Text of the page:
We’ve had the ‘silent generation’, ‘baby boomers’, ‘Generation X’ and the Millennials. Each generation has its own characteristics, behaviours and attitudes, developed through the experiences of its formative years And now there’s a new generation, – the Twenty-First Century’s first generation, born after 1996. These are the children and young people we’re working now to educate. And, like each succeeding generation, they’re not the same as “us”.
They’ve been labelled already in a number of ways – Generation Z; The i-Generation; Digital Natives; The Plurals. Eventually a name will stick. But forget for a moment what we might choose to call them. What might their future hold?
Their childhood is happening during a period of economic depression not felt since before the 2nd World War. Their Generation X parents have been absorbing the impact beyond the obvious financial strain; promotion opportunities have been obstructed by Baby Boomers postponing retirement and the rising tide of Millennials are already clamouring for a place at the decision making table. At the moment, this new generation are relatively compliant, but they are growing towards and through adolescence in an atmosphere of mistrust of “the system” – Will they, like the Silent Generation who lived through the Depression, react in a way that spawns the equivalent of the anxt of James Dean? The passion of Martin Luther King? The attitude transforming writing of Germaine Greer? The desire for individualism portrayed by the ‘lonely man’ of the Strand cigarette commercial created by my father?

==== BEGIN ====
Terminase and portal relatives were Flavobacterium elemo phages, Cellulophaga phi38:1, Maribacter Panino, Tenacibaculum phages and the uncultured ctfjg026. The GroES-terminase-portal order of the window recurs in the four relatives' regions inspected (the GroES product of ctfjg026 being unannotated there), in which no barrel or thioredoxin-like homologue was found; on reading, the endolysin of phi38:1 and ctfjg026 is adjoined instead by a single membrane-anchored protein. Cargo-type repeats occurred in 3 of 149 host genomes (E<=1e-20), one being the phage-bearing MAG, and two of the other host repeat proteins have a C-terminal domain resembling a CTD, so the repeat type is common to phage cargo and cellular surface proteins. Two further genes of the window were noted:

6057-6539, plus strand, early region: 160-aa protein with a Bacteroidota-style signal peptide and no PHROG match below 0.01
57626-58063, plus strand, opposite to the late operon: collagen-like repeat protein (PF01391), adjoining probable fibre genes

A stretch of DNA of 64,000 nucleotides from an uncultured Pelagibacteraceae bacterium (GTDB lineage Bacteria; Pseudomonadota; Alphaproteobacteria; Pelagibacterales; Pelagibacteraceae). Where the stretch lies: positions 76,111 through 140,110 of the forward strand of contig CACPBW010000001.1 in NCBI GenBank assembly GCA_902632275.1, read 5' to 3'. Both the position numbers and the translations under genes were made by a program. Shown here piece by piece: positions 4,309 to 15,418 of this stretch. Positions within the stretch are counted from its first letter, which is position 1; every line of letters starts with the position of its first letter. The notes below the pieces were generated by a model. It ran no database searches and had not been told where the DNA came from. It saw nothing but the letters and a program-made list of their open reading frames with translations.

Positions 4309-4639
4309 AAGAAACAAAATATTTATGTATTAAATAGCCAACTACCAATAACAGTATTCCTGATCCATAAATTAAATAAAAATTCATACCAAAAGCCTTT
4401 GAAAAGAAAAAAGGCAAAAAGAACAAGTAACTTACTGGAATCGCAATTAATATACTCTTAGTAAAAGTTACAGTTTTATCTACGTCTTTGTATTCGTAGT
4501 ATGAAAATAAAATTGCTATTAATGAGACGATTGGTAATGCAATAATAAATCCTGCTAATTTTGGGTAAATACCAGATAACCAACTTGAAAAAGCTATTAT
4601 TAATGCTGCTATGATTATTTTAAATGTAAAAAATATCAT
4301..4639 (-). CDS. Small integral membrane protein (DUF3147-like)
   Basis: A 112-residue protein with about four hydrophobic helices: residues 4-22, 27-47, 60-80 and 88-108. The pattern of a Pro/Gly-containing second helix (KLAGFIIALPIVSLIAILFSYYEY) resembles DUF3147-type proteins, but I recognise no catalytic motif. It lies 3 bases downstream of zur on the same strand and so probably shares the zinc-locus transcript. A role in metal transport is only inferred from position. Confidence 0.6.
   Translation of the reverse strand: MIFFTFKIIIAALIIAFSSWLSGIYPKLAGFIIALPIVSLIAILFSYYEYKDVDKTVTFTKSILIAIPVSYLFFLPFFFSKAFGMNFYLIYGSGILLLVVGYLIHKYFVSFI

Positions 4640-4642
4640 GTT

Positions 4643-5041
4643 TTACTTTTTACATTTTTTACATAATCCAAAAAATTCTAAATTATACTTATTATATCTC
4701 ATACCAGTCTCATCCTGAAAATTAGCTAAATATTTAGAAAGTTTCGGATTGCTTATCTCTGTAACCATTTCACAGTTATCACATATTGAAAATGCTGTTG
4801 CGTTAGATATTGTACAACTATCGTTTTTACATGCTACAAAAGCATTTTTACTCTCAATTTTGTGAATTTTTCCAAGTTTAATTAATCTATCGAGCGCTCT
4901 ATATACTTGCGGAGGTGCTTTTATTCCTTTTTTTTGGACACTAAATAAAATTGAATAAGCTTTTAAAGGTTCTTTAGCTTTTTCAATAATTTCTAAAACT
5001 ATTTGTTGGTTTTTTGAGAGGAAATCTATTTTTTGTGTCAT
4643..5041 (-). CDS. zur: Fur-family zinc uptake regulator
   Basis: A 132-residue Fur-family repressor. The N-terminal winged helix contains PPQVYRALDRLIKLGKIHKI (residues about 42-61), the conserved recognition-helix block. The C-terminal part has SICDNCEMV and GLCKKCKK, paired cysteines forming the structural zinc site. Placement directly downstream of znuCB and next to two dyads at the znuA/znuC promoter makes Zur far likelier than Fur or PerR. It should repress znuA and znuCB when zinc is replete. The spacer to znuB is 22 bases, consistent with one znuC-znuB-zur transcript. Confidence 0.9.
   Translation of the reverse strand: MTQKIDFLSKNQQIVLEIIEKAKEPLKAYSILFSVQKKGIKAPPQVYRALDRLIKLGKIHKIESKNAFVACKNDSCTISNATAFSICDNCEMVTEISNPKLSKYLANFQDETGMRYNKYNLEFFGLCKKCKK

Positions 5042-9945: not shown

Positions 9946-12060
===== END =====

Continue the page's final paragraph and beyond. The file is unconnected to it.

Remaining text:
They are being parented in a very different way from the Millennials. Millennials were generally parented by Baby Boomers. They were taught that there would be prizes for everyone; that it was the welfare of a whole class of children that was important, not necessarily the individual; they were told that they could be anything, do anything – aspiration was all; Today’s young people are being parented by Generation Xers. They are being taught that only the best win; that their personal welfare is more important than their classmates; that they should do their best but be realistic in their aspirations. This is having an effect on the developing mind-set of this new Generation. Research suggests that there is less of an emphasis in school now on the qualities of ‘dependability’ and ‘respect’ (though they are still perceived to be important) and growing recognition of ‘creativity’ and ‘independent thinking’, perhaps as a reaction by teachers to listening to people like Ken Robinson. The increasing popularity of Scouting and The Duke of Edinburgh’s International Award suggest that, whilst parents still like to see their children learning to socialise, they are also interested in providing experiences that provide a structure for children to learn for themselves how to succeed. This new generation doesn’t just get given things on a plate. Individuals are being taught to strive; to learn through failure; to find out what they’re good at.